About two months ago I purchased a Rumble 25 bass amp for acoustic gigs and I was blown away by it. So much so that I then bought a Rumble 100 watt for electric gigs.
Both have got a great range of tones that are enhanced by presets that can be tweaked by the EQ section. Fender reckon the Rumble has been reenginered to be both louder and lighter than the previous versions. I don’t have any experience of the older versions but the V3s are very light and very loud – no doubt due to the Eminence speaker and the wooden carcass. A case of manufacturer’s blurb matching reality!
So what do they sound like? I’ve played four acoustic gigs and six electric gigs and I think they sound great. Loads of bass, punchy midtones and sparkling highs. They make my Rickenbacker sing – the characteristic snarl of the Rickenbacker is there but with trouser-flapping bass. The same for my other basses. Its quite incredible that such light, small combos produce the sound they do.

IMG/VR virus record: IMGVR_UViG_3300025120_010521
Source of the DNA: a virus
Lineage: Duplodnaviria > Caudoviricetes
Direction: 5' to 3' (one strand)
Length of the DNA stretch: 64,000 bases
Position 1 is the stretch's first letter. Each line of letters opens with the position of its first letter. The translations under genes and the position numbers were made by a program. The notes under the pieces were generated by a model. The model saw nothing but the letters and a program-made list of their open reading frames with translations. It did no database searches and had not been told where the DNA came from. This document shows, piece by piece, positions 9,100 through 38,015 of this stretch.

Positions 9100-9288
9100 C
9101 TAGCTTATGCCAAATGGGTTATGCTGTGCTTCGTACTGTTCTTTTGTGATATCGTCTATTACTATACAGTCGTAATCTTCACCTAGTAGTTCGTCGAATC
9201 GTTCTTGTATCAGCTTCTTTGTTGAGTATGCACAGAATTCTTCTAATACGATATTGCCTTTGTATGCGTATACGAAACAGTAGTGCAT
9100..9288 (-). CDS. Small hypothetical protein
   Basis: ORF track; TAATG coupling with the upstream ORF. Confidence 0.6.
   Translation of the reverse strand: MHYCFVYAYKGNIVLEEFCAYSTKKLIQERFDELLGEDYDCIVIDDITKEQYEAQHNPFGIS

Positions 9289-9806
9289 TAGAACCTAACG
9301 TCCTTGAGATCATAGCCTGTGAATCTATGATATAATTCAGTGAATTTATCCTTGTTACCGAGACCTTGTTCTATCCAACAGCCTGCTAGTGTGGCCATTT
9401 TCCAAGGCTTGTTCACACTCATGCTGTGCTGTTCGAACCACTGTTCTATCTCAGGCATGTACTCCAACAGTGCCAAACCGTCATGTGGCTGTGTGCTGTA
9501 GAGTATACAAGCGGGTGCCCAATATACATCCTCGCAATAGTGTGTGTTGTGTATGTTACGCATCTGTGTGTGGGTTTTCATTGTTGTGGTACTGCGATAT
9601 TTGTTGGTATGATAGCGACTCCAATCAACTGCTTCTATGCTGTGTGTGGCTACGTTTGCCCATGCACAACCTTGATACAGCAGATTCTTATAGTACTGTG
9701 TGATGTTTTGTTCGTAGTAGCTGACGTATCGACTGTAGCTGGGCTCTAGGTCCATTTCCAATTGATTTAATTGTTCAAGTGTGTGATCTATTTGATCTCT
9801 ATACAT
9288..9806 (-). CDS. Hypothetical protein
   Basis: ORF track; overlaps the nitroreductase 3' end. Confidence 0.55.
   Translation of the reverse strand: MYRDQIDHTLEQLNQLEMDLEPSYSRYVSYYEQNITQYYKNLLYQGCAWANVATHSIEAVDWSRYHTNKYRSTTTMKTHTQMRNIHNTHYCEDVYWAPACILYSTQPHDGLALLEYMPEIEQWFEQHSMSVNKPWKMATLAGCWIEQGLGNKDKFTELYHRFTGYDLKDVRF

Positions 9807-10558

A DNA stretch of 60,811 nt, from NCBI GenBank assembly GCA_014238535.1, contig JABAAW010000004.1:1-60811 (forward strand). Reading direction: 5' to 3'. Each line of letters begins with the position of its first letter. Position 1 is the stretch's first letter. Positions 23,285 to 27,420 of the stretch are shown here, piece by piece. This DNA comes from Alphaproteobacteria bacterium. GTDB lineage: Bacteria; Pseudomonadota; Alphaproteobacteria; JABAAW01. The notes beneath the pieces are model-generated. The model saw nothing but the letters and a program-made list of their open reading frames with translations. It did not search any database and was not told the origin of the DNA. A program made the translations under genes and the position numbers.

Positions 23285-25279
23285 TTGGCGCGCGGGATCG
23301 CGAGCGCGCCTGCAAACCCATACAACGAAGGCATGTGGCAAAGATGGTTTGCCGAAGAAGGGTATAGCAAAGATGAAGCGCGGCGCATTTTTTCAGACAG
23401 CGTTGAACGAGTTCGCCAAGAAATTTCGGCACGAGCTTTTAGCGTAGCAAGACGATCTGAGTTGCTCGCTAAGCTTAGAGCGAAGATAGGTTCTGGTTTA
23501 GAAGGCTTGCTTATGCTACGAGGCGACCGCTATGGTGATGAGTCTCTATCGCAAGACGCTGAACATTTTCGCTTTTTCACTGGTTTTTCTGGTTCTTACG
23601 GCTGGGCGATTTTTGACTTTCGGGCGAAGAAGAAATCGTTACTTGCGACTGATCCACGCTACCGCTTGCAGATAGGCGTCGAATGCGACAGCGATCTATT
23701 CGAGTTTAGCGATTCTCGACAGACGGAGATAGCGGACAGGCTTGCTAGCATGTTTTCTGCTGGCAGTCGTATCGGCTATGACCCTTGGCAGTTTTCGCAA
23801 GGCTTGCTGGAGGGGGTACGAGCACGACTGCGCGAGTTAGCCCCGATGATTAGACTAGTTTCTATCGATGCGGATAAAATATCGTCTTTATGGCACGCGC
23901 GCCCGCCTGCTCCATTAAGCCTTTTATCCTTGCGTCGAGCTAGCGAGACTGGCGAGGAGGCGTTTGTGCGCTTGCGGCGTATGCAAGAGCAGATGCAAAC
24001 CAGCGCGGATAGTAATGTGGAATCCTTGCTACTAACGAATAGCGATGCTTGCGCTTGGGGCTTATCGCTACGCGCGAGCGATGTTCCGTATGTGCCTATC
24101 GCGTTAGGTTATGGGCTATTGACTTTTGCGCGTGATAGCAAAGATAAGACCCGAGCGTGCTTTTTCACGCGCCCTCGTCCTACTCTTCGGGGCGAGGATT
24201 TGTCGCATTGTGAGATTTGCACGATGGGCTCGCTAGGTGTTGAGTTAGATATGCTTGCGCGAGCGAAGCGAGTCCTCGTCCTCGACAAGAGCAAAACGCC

There is a myth that bass players need huge speakers and powerful amps to sound good even at small gigs. Well, that is rubbish……absolute rubbish put about by marketing gurus to make bassists buy expensive rigs. And, most likely, give themselves hernias lugging the gear around. These Rumbles can easily cope with drums and two instruments in any normal sized gig with a band or with an acoustic combo with power to spare. No, they will not cope at large venues but you’d DI anyway for those and the 100W Rumble has a DI out so no problem.
I’m not impressed by the overdrive circuits on either Rumble. They are Ok but a bit harsh for my taste. The DI on the 100W is odd because as you alter the gain and EQ it affects the level sent to the desk. Not the best DI in the world but can be worked around easily enough.
In summary, the Rumble V3 in the 25 and 100W versions are nice combos with great tones and plenty of volume. Not equal to an Ampeg rig but a damn sight lighter and more transportable. Thoroughly recommended.